Archive for the ‘Lathe’ Category

the Walnut Plate

I can’t really say where some of my projects are born but every once in a while a project just happens.  This is the case with the plate I recently made.  I was cleaning up the shop and was just about ready to toss a 2 inch thick piece of walnut into the trash when the idea for a plate developed.  The aforementioned piece of walnut had a rather large crack down the middle, but it didn’t go already through to the bottom. It was a bit narrow for a plate so I gave the stock a few passes through surface planner to square the edges before gluing on two pieces of scrap hard maple.  This would create a blank turning stock of just under 12 inches.  A perfect size for my mini lathe.

I was hoping that the crack would disappear as the blank was turned; thinning the stock as  necessary to “find”  the plate that I knew was hiding inside this former scrap.  In this picture to the left is the blank stock.  The bulk of the material gets trimmed off using the band saw.  And the final product is presented in the right side of the picture.  That’s why woodworking can be so rewarding.  What was a possible piece of firewood, becomes a nice household display item.

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the Underburg Server

A good buddy of mine is a big fan of UnderburgUnderberg is a digestif bitter produced in Germany, made of aromatic herbs from 43 countries. The exact number and identity of the herbs remain a well-guarded secret.  Well it’s certainly an acquired taste.  After a nice swim workout its not so bad (actually pretty good), after running a marathon, not so much.

My friend is a big fan and as been collecting the bottle caps for as long as I’ve know him.  Underburg has some type of program where your turn in a certain number of caps in exchange for various branded products.  He’s was always fumbling around with the little bottles so I thought I’d grab a piece of scrap wood from the shop and turn him a serving tray and cap holder.  What you see below is the end result of about 90 minutes worth of work.  The round indentation in the middle is for the post drink bottle cap storage.

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the Cedar Bowl

A neighbor of mine that was cutting down a cedar tree  and ended up dropping off the cut off tree stump at my house last weekend.  Knowing that I’m always looking for unusual projects, he thought that I might be able to use this chuck of wood he originally was going to toss in his wood pile.  Sometimes while pondering projects, I get an immediate idea of what I want to do and at other times, it’s takes a while before the concept starts.  In this case, in an instant I knew I wanted to try to push the capacity of my Jet mini lathe and make a bowl from this “thing”.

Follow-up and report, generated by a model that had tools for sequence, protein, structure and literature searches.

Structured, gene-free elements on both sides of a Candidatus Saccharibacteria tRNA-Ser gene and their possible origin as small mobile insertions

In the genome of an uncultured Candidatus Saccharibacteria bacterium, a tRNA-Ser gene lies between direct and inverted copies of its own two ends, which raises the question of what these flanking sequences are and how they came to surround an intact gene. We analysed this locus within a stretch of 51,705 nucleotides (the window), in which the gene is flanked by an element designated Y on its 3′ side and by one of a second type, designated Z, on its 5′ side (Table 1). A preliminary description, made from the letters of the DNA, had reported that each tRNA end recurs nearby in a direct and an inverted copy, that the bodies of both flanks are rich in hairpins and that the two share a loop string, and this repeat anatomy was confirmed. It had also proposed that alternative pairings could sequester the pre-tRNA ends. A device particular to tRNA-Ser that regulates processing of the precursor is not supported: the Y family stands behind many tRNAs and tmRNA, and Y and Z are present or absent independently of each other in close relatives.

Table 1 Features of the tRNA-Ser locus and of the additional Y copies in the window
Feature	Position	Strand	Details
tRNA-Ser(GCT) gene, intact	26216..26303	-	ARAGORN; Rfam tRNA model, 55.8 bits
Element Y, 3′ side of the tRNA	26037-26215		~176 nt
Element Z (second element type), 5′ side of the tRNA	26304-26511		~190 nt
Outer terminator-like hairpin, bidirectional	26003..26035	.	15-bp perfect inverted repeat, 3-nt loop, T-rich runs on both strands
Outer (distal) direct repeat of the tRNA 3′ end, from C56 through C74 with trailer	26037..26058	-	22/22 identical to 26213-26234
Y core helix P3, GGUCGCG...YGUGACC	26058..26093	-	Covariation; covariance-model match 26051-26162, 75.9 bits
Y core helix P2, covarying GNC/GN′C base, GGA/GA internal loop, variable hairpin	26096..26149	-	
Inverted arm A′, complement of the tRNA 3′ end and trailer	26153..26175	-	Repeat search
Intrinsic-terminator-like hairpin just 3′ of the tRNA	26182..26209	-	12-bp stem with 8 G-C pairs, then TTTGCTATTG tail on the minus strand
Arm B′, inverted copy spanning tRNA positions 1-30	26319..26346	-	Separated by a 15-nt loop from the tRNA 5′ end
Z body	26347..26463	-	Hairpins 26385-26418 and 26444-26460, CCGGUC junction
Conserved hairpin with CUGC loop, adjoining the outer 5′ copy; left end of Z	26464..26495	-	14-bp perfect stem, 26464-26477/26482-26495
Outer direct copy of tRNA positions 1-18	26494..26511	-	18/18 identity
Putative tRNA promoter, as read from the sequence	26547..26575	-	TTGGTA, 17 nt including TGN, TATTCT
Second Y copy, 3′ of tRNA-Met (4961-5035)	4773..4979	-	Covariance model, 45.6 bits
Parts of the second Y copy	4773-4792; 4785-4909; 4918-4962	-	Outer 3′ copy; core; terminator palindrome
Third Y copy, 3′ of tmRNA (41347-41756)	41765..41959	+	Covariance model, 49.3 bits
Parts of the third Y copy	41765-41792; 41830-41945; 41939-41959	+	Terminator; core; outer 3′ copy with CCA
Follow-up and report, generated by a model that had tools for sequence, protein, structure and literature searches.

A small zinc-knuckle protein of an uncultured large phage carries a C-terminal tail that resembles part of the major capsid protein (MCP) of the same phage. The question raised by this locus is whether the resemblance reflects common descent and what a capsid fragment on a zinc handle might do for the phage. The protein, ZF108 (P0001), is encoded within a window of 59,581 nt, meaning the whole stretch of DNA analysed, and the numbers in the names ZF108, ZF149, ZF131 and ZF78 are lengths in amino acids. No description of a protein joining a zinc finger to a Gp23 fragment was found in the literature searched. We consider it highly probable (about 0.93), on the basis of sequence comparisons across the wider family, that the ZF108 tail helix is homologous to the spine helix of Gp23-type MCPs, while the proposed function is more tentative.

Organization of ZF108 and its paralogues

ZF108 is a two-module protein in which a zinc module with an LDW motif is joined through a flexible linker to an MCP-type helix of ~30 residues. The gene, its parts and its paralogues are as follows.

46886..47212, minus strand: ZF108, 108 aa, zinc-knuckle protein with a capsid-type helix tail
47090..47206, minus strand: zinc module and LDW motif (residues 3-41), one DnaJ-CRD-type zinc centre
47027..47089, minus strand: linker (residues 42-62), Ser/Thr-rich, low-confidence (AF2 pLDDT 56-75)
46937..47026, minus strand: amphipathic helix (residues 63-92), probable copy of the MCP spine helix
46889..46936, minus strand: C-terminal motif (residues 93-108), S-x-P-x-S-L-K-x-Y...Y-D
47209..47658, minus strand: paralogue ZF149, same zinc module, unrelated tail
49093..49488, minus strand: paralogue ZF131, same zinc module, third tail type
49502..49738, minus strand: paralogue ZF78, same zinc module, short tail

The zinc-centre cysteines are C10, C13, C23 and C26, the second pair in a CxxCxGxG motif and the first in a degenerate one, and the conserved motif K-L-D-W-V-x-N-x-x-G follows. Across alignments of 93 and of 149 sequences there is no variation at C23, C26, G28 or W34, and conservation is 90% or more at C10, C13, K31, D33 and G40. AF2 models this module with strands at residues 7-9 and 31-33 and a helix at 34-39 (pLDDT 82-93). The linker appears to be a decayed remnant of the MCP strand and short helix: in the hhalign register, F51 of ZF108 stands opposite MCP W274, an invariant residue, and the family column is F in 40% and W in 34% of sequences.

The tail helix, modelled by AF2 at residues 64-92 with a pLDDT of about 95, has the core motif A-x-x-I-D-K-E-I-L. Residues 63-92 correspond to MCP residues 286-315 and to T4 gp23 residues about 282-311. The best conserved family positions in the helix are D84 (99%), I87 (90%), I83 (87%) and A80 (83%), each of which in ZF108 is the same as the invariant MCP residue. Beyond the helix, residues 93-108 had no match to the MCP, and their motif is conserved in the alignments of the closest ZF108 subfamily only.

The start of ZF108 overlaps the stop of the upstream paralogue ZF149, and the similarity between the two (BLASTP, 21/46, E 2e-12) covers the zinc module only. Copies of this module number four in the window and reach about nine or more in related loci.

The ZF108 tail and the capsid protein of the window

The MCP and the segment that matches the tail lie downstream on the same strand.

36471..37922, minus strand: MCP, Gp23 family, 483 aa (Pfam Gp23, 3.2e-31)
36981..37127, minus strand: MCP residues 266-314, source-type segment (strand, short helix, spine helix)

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The raw wood! One person’s firewood is another s bowl!

The first step in the process of turning this chuck of wood into a bowl was deciding which end of the stump would be the bowl opening and which the bottom.  In this case I decided to make the bowl upside down within the wood and have the bowl opening from the bottom of the stump.

I then placed the stump on my band saw to trim it as round as possible before mounting it on the lathe.  My mini lathe has a 12 inch capacity so I tried to make the band-saw cut just under that dimension.   You then make a best guess at where the centers are on each end of what now is becoming a raw bowl “blank.”

This was quickly figured out and mounted on the lathe.  Raw blanks like this can cause some serious wobble when first mounted on the lathe.  No matter how good the guess was as to the center of each end, your still going to have a large mass of wood spinning off-center so the premounting band-saw cut is critical to be as round as possible.  It’s also best practice, and if you have a variable speed lathe,  to reduce your lathe’s rpm’s as much as possible.  My lathe can spin as slow as 500 rpm, so that is where I started.

The makings of a bowl

The makings of a bowl

After a few minutes of careful use of a large bowl gauge cutting tool, you can see the bowl blank starting to round as I make progress in removing the high spots.

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This project ended up taking about 2 hours to complete.  This is actually the first bowl I had turned using cedar and it does have some interesting colored grain patterns.  The finished bowl is not one of my favorites but the Wife really likes it so it’s here to stay and inside the home,  proudly on display

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